Protest challenging agency’s evaluation and the conduct of discussions in a procurement for healthcare services is denied. The protester argued the agency failed to properly assess the size of the awardee’s healthcare network. The court found that solicitation did not require offerors to propose a specific network, and in any event, the agency had properly assessed the awardee’s ability to develop a network. Also, the protester argued that the agency disparately evaluated proposals, but the court found that the protester’s and awardee’s proposals were not substantively indistinguishable. Additionally, the protester alleged the agency failed to evaluate proposal under all the criteria. The court, however, found that the evaluation merely explained those instance where the agency assessed strengths or weaknesses. The agency was not required to explain why it found aspects of a proposal merely adequate, and the absence of such an explanation did not prove that agency had failed to apply all the criteria. The protested further asserted that the agency conducted unequal discussions. The court opined that because the agency had only identified a deficiency with the awardee’s proposal and the awardee’s price had already been disclosed, it was reasonable to only conduct discussion with the awardee.
The Army issued a solicitation seeking health readiness services—immunizations, physical examinations, lab services—for its Reserve forces. The Army received three offers, including proposals from Logistics Health, Inc. (LHI) and QTC Medical Services, Inc.
The Army selected QTC for award. LHI filed a protest with GAO. Following a GAO outcome predication conference, the Army took corrective action to reevaluate proposals. During the corrective action, the Army identified a deficiency in QTC’s proposal and determined that it had not previously notified QTC about this deficiency. Thus, the Army conducted discussions with QTC (but not other offerors) to give the company a chance to address the deficiency.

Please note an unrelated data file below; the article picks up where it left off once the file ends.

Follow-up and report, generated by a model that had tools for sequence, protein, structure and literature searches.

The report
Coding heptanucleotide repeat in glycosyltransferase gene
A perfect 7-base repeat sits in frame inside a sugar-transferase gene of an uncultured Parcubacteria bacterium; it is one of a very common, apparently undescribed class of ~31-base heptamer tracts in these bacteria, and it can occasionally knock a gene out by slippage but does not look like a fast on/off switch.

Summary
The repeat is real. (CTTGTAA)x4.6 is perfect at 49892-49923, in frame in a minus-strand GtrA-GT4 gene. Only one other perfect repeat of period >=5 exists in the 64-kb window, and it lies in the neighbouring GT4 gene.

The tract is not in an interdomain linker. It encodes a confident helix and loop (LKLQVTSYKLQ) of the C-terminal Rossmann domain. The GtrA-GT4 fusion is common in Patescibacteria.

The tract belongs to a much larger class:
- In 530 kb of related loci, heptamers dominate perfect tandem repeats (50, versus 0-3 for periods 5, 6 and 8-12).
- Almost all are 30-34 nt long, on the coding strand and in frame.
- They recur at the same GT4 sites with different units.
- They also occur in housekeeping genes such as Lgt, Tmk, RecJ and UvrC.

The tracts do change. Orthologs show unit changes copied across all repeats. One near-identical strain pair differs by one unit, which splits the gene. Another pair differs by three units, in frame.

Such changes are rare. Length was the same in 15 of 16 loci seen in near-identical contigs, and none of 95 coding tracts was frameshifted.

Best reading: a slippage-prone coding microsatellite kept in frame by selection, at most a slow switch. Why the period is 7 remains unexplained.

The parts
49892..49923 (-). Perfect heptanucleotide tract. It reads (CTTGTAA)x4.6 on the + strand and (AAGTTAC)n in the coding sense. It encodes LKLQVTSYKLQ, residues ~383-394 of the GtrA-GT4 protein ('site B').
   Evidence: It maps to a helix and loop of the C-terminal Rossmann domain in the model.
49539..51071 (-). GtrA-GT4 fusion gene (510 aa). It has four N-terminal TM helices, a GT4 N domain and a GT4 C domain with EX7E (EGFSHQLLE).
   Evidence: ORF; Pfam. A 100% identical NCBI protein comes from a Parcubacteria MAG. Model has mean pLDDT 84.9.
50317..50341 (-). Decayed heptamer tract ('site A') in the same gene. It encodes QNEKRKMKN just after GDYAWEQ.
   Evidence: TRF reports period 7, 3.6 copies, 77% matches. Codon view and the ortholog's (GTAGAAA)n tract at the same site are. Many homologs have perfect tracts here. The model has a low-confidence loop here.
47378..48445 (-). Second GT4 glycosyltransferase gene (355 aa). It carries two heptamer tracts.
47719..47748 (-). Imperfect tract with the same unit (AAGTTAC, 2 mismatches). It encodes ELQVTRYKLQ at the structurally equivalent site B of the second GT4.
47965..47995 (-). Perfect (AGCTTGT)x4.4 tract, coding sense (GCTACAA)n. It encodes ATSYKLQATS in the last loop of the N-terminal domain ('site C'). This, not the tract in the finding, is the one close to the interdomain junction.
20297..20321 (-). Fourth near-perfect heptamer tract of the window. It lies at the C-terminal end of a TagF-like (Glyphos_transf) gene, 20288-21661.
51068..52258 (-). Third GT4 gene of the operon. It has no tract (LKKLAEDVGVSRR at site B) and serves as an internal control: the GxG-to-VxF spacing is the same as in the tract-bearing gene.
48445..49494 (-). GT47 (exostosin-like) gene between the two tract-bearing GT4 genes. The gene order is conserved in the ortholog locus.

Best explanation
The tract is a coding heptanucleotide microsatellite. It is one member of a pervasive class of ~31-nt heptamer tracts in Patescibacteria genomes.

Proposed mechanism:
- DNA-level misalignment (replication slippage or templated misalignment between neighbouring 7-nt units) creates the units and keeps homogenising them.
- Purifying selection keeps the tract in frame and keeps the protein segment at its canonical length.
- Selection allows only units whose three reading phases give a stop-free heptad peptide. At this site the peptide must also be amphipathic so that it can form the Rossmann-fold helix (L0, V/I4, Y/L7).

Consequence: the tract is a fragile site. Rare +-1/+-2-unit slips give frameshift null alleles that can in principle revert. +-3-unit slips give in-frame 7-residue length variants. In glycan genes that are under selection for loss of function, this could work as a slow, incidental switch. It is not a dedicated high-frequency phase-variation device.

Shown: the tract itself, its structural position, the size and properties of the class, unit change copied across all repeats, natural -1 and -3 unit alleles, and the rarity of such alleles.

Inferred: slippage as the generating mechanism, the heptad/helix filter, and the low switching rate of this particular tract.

After completing the corrective action, the Army re-awarded the contract to QTC. LHI filed another GAO protest but then withdrew it and filed suit at the Court of Federal Claims. QWTC intervened, and all the parties moved for judgment on the administrative record.
LHI alleged that the Army erred in believing that QTC had a larger network of health providers than it actually possessed. LHI argued that the solicitation required offerors to propose specific healthcare networks, and that the Army had failed to adequately evaluate the size of QTC’s network.
The court found that contrary to LHI’s position, the solicitation did not require offerors to propose specific networks. Rather it only required offerors to develop networks after award. The Army did not overcount the size of QTC’s network; instead, it recognized that QTC had a pool of personnel it could draw on. Nothing in the solicitation required offerors to provide exact numbers for their network. QTC merely did what the solicitation required: it provided figures detailing the personnel it could draw from to develop a nationwide network.
LHI next argued that the Army disparately evaluated proposals regarding mobile auditory services. LHI complained that the Army awarded QTC a strength for offering audiology vans, but did not award LHI a strength for offering the same thing.
The court noted that to show a disparate evaluation, a plaintiff must demonstrate that the agency unreasonably downgraded its proposal for a features that were substantively indistinguishable or nearly identical to those in other proposals. Here, LHI had not demonstrated that its approach to audiology was substantively indistinguishable from QTC’s. Basically, the court reasoned, QTC had offered to provide mobile audiology vans. LHI offered a mobile unit option. Under LHI’s proposal if a patient did not want audio test in a mobile unit, then LHI would not provide a mobile unit. The Army reasoned that this could result in audio tests with unacceptable levels of ambient noises.
LHI further contended that the Army improperly gave QTC a strength for committing to meet a transition milestone by a certain date, when in fact QTC had stated that it would meet the milestone at a later date. The court found that the Army had not acted irrationally is assigning QTC a strength for its transition plan. While QTC’s proposal had language stating that the transition may be completed at different date, its proposal explained that the date would depend on government involvement. The Army reasonably assigned a strength because QTC communicated the role its staff would play in in preparing for transition within the first few days of the contract start date.
LHI alleged that under FAR 15.308, an award decision must be based on a comparative assessment of proposals against all source selection criteria. LHI argued the Army violated this provision by not evaluating proposals against the major requirements in the performance work statement.